Culture of Safety - Crozer-Keystone Health System - PA

Culture of Safety

Crozer-Keystone Health System nurses participate in numerous initiatives to promote patient safety. View the information below to read about a few of those initiatives.

Universal Protocol: Protecting Patients from Wrong-Site Surgery

Nancy Politharos, RN, MSN, and

Diane Beatty, RN, MSN, OCN.

CKHS has participated in the VHA’s Transformation of the Operating Room (TOR) initiative to improve patient safety since 2006. Related to this effort is the development of a universal protocol to protect patients from wrong-site surgery, one of the Joint Commission’s National Patient Safety Goals. Preventing wrong site surgery was also identified this year as a top priority of the Partnership for Patient Care collaborative, which includes the Delaware Valley Healthcare Council. 

In 2007, a nursing-driven multidisciplinary team led by Nancy Politharos, RN, MSN, assistant vice president for Patient Services at Taylor Hospital, was formed to develop system-wide policies and procedures for universal protocol. The protocol includes a pre-operative verification process, site marking and a final time out before the start of the procedure.

After conducting a self-assessment survey to identify causes of wrong-site surgery and process vulnerabilities at CKHS hospitals, the team determined that the critically important final time-out process needed to be redesigned to ensure that all members of the surgical team present in the OR at the time of surgery were actively engaged and interacting in the process. The circulating nurse plays a pivotal role by asking scripted questions that require more than a yes/no answer from the surgeon, anesthesiologist and other team members to ensure accuracy.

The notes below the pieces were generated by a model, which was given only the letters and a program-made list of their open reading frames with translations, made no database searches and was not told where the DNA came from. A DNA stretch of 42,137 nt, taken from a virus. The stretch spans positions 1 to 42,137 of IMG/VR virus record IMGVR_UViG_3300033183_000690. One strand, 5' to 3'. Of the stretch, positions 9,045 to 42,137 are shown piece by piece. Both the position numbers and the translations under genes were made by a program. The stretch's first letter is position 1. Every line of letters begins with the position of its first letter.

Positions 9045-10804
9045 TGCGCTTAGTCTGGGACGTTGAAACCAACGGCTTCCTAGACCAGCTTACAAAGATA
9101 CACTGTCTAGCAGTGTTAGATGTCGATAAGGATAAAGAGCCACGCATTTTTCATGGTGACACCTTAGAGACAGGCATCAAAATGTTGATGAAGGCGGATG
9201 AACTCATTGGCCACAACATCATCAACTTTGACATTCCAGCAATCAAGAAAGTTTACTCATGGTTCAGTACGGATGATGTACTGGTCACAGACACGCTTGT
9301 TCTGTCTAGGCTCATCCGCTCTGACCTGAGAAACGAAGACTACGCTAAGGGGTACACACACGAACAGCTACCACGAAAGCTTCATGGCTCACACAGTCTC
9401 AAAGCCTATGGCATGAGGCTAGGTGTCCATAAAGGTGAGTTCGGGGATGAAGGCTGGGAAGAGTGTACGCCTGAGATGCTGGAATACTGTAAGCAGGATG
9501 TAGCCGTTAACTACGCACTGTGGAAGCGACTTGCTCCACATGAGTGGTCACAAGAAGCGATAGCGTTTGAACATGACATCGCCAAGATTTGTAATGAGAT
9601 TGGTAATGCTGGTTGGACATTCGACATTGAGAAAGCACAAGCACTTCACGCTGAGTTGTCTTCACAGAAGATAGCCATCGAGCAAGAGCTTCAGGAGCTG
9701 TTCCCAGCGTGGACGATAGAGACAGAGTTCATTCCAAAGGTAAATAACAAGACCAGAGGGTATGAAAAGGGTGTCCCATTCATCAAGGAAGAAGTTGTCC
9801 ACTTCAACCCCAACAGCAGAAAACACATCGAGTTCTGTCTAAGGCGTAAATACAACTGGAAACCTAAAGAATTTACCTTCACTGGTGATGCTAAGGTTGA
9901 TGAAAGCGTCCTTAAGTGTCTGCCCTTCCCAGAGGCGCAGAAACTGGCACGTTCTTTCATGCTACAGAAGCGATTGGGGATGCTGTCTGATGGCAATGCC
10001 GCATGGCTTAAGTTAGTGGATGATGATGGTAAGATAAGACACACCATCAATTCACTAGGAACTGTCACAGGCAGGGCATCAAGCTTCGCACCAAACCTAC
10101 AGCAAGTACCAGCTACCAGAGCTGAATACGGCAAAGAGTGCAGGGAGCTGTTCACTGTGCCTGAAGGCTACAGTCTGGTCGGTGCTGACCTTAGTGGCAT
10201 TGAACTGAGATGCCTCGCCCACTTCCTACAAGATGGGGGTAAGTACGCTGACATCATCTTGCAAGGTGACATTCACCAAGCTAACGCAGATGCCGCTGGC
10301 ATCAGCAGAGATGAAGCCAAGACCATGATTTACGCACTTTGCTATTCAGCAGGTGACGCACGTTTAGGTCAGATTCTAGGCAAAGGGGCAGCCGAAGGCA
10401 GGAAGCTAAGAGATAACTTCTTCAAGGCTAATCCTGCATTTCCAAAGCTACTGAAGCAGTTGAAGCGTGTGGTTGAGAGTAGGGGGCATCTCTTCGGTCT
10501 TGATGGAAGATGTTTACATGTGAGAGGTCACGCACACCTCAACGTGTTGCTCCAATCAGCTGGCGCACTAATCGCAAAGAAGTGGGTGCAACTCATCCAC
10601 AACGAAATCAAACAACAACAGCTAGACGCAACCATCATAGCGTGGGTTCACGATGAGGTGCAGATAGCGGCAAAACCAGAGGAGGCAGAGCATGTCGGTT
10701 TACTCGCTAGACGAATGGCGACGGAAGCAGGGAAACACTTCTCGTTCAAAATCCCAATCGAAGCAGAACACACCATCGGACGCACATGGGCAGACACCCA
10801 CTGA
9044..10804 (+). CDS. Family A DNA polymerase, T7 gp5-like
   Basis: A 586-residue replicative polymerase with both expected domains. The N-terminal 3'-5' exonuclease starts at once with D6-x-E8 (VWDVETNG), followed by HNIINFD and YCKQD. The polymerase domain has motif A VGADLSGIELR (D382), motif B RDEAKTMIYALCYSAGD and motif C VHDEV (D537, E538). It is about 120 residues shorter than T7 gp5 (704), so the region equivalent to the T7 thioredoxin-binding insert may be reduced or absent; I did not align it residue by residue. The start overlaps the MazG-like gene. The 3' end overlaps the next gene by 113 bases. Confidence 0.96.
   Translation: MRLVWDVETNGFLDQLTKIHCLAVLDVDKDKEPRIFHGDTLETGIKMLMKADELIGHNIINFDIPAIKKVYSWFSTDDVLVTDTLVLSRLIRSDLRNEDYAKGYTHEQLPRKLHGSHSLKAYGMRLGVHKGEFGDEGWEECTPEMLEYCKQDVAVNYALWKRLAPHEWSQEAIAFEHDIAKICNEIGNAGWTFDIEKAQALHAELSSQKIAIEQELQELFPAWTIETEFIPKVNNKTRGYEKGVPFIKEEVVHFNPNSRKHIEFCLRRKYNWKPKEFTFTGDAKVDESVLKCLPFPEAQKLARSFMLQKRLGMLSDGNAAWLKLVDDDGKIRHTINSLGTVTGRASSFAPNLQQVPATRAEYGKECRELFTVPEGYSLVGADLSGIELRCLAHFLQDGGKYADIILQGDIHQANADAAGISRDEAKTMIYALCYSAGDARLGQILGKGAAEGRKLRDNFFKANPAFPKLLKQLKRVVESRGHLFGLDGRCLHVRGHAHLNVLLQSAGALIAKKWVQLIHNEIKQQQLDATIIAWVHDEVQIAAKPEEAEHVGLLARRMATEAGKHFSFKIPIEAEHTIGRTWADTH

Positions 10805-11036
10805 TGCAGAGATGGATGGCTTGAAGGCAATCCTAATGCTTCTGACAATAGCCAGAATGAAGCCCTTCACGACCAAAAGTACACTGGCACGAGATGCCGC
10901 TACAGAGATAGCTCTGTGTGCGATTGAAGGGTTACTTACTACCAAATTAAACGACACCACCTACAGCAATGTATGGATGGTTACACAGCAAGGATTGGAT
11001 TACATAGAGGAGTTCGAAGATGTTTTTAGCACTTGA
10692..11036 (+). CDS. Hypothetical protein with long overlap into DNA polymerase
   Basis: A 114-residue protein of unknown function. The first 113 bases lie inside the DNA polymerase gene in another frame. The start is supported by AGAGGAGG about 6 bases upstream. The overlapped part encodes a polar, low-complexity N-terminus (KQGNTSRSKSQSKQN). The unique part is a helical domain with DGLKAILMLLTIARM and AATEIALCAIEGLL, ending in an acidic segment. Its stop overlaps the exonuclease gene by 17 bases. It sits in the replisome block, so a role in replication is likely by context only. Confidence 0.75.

The protocol team completed the redesign and created a new observational checklist tool to audit compliance with the new time out procedure, setting a goal of a 10 percent improvement by the end of calendar year 2008. Progress is monitored by random surgical chart reviews and/or random audits completed monthly by OR nurse managers at each hospital. To help ensure success, nursing leadership provided education to the physicians about the importance of active engagement in the timeout, as well as conducting in-services for the nursing staff.

CKHS hospitals also implemented a new written and verbal verification procedure for taking surgical reservations. The surgeon is asked to call in the reservation, followed by a written fax confirmation, which the nurse reconfirms with a second phone call to the physician. Ensuring that the correct information is taken at the time of reservation is expected to reduce the risk of wrong site surgery. CKHS has set a goal of 90 percent compliance with this verification procedure by the end of December 2008.

The universal protocol team also developed a process for identifying and reviewing near misses in the OR with. This process will be used to educate the staff about the factors involved in near misses so they can be avoided in the future.